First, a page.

Since the start of the pandemic, travelers have been able to enter the United States without requiring a negative COVID-19 test result (with the exception of a few regions). After new and more transmissible strains of the Coronavirus started spreading in different parts of the globe, the U.S. Centers for Disease Control and Prevention (CDC) has since signed an order to potentially limit its rate on entry into the U.S.
According to their release, anyone entering the United States via air from January 26, 2021 and beyond will need to show proof of a negative COVID-19 test result before boarding their flight. This new order applies to both citizens and foreigners.
The Centers for Disease Control and Prevention is expanding the requirement for a negative COVID-19 test to all air passengers entering the United States. Testing before and after travel is a critical layer to slow the introduction and spread of COVID-19. This strategy is consistent with the current phase of the pandemic and more efficiently protects the health of Americans.
Variants of the SARS-CoV-2 virus continue to emerge in countries around the world, and there is evidence of increased transmissibility of some of these variants. With the US already in surge status, the testing requirement for air passengers will help slow the spread of the virus as we work to vaccinate the American public.
“Testing does not eliminate all risk,” says CDC Director Robert R. Redfield, MD, “but when combined with a period of staying at home and everyday precautions like wearing masks and social distancing, it can make travel safer, healthier, and more responsible by reducing spread on planes, in airports, and at destinations.”
The CDC has implemented the following regarding those entering the country via air travel:
Just a week ago, a similar order was put in place requiring travelers from the United Kingdom to show a negative COVID-19 test. This comes after the CDC and other related parties in the travel industry pushed for heightened testing measures in light of new variants of the virus. These new variants which popped up in the UK, South Africa, and even within the United States, have a much higher transmission rate, with some spreading 70% faster than previously recorded.
Similar restrictions have also been recently implemented in both Canada and the United Kingdom, along with mandatory self-quarantine requirements.
The CDC later published a list of exceptions to cover airline/aircraft crew members and law enforcement officials.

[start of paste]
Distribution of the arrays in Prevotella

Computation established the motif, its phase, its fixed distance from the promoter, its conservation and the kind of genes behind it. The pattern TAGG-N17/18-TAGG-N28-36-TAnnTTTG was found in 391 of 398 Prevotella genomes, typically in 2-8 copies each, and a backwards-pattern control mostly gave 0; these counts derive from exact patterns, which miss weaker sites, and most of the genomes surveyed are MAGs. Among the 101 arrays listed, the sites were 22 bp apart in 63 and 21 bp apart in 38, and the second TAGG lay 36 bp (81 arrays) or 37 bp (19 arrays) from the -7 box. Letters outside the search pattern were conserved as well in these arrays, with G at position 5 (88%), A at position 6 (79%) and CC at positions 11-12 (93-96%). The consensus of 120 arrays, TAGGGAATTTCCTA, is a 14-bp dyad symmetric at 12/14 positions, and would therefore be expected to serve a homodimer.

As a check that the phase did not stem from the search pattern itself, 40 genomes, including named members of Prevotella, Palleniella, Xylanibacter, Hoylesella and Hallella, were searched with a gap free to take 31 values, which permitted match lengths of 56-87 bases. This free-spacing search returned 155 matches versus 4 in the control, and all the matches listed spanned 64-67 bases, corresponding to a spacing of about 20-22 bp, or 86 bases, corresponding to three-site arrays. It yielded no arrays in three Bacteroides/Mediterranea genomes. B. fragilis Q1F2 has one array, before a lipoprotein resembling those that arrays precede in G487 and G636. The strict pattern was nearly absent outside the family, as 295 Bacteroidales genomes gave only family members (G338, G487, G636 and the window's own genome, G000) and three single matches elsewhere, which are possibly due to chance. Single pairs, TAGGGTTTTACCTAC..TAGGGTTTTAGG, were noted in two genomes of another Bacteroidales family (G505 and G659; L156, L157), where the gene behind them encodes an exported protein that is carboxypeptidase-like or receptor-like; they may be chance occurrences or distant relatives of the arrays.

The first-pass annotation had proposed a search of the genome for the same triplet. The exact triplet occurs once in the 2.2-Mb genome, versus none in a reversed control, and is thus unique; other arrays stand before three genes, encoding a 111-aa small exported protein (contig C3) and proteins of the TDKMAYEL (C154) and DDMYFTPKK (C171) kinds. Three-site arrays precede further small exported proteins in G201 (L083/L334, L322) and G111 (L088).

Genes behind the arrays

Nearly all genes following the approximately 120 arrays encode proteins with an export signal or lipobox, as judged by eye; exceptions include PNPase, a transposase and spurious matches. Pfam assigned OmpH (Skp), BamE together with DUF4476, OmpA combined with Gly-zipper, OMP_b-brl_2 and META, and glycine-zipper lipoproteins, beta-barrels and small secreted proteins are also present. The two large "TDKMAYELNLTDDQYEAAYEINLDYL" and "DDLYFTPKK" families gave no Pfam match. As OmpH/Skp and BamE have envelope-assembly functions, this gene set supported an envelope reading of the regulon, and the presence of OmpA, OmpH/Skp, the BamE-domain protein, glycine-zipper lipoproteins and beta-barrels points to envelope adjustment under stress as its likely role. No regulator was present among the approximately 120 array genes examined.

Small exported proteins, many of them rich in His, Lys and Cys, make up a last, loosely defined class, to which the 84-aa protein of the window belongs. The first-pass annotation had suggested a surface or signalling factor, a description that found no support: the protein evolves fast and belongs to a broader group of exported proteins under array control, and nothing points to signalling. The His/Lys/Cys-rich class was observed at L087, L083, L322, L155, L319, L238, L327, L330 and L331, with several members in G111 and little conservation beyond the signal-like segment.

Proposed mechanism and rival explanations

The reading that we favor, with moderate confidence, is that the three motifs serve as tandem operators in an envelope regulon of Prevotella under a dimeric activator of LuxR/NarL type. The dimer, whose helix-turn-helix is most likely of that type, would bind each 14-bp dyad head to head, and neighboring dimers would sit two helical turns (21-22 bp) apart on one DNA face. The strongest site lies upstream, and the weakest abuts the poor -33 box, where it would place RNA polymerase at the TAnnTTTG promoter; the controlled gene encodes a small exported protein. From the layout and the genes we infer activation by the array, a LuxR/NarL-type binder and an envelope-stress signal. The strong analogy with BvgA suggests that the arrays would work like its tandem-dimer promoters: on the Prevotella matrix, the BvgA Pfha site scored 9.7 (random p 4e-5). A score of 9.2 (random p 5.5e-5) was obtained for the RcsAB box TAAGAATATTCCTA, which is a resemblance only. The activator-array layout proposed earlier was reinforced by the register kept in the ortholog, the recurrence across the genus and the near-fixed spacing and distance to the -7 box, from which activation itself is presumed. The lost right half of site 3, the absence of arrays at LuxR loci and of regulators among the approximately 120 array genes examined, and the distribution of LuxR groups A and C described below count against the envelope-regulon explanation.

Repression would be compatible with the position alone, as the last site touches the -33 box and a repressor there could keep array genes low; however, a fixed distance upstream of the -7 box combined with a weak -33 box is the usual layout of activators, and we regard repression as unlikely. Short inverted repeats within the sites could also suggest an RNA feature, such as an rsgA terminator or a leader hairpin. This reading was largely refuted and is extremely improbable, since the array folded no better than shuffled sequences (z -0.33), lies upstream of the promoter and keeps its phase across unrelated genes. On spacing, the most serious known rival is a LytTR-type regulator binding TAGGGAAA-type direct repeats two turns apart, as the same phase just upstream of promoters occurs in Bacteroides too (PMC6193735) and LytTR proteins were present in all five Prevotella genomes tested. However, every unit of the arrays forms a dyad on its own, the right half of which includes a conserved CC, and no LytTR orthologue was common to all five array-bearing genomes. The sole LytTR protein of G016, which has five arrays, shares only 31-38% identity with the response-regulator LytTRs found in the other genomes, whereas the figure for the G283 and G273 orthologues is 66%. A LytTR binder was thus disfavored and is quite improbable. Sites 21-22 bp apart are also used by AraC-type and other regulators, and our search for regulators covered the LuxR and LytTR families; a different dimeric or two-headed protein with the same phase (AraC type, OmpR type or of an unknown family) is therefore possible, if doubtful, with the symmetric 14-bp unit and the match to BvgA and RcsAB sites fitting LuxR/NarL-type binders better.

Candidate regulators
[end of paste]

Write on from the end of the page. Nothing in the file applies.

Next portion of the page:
COVID-19 travel testing has showed some levels of success, allowing many tourist-dependent countries to re-open their borders. But will this new measure help slow the spread until vaccines are distributed on a large enough scale?
The US stands at the top of the charts with 23 million positive cases and counting, along with 388,000+ recorded deaths, so one might argue that it’s useless to try to stop a virus from entering a country where there are the most number of recorded cases. However, the new measure may prove somewhat effective in slowing the more transmissible strains from having an even greater impact.
Depending on how you look at it, the added requirement could also discourage non-essential travel as many vacation-goers would be required to confirm if testing options are available in their vacationing country. It may be more problematic for those who travel for essential reasons.
The new policy could further cripple to struggling airline industry as travelers may now think twice given that getting COVID tests in some countries may not be as easy as in the U.S.
Caribbean countries in particular which depend heavily on tourism, will need to ramp up their on-island testing options to provide support for travelers planning to return to the U.S. from January 26 and onward.
On a positive note, the testing requirement could aid in allowing non-U.S. travelers from some parts of Europe and Brazil to once again have the opportunity to visit the United States.
Updated to reflect official statement from CDC.
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